Of course, anyone who wishes to turn their battered, farmyard workhorse into an electric Land Rover Defender will need to fork out money up-front. In the case of the Electrogenic kit, buyers will be looking at around £24k plus a bit more to get a suitably trained mechanic to fit it.
Despite that being the equivalent to buying a couple of additional Defenders in well-used condition, in typical day-to-day use in a working setting, Electrogenic reckons that owners can save up to £6000 per year in fuel and maintenance. Assuming similar figures, that’s a complete payback in around four years of use.
The Electrogenic team knows these figures are broadly accurate because it tested the Defender EV conversion kit around none other than Worthy Farm – site of the Glastonbury Festival – over the past 18 months.
Steve Drummond, co-founder of the company, said: “Defenders fitted with our kits do everything required of them on the farm quietly and efficiently. They are always there ready for use – just unplug and drive away; no more trips to the petrol station, and instant heat on cold frosty mornings. An electrified Defender can also represent one more step towards a farm achieving its sustainability goals.”
So, what does £24k buy you and how does it compare to a standard diesel Defender?
At the heart of the conversion is the 120bhp motor which also has a useful 173lb-ft of torque. Ensuring ease and cost-effectiveness, instead of the motor being axle-mounted and having a direct drive, it is bolted to the Defender’s existing gearbox bell housing. This means the original gears and four-wheel drive system is utilised keeping cost down and simplicity up. Towing isn’t compromised with low-range gearboxes still fully functional via the electric conversion.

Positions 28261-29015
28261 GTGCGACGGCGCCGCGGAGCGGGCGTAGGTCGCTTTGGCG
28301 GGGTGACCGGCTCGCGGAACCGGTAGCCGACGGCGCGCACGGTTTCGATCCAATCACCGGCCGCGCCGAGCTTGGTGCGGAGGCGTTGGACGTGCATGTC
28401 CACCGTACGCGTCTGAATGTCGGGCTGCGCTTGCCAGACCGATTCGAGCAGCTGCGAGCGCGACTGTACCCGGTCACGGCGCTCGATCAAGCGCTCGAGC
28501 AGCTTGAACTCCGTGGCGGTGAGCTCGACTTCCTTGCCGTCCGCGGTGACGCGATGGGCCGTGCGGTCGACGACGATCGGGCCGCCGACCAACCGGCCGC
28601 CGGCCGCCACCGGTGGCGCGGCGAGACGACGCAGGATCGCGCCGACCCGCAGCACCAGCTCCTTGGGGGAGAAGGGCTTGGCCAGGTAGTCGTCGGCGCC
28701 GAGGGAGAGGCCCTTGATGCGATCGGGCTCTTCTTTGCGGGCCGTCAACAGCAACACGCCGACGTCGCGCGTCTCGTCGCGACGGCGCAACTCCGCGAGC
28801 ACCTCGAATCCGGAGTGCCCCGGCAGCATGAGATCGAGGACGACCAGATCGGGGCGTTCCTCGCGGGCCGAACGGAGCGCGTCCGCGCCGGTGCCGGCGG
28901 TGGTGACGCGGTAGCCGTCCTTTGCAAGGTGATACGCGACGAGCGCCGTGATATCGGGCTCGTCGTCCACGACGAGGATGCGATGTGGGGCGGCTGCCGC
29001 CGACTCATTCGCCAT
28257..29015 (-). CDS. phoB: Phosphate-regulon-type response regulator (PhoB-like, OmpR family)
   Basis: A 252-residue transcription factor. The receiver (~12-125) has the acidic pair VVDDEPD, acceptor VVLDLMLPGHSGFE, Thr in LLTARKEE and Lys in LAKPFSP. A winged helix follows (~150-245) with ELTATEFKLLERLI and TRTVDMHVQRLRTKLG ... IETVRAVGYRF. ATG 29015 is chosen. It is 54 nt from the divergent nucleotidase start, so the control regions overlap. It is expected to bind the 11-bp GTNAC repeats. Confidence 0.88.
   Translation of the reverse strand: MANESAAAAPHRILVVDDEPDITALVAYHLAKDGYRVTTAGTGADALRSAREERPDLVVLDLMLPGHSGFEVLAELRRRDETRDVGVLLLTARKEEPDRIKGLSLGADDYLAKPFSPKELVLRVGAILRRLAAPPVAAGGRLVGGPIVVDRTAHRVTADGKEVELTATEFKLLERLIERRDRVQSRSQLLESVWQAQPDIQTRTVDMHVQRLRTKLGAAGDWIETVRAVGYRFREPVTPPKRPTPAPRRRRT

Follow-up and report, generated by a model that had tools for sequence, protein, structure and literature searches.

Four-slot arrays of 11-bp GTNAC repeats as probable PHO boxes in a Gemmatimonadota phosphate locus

Batteries total 52kWh of capacity and are stored in place of the Defender’s diesel engine under the bonnet. On the road, over 100 miles is possible – which is pretty dire – but around a farm at lower speeds, this increases significantly. What’s more, most working Defenders rarely cover more than 100 miles in a day. Being air cooled does bring a minor limitation in that a converted Defender can’t wade through deep water.
Another cost saving has come by limiting charging to 7.5kW, albeit faster charging can be added as an extra. This choice of longer dwell time, overnight charging is suited to vehicles that don’t typically leave the area they are used to work on.
It’s refreshing to see an EV conversion company taking a problem and instead of offering an overly gentrified solution, being pragmatic about what its customers really need. Drummond sums it up: “This kit is all about giving landowners an economic, sustainable option. It’s easy to install and uses Electrogenic’s proprietary technology. It gives Land Rover Defenders – long a trusty workhorse for farms up and down the country – an affordable new lease of life, reducing running costs while enhancing performance and driveability around the estate.”
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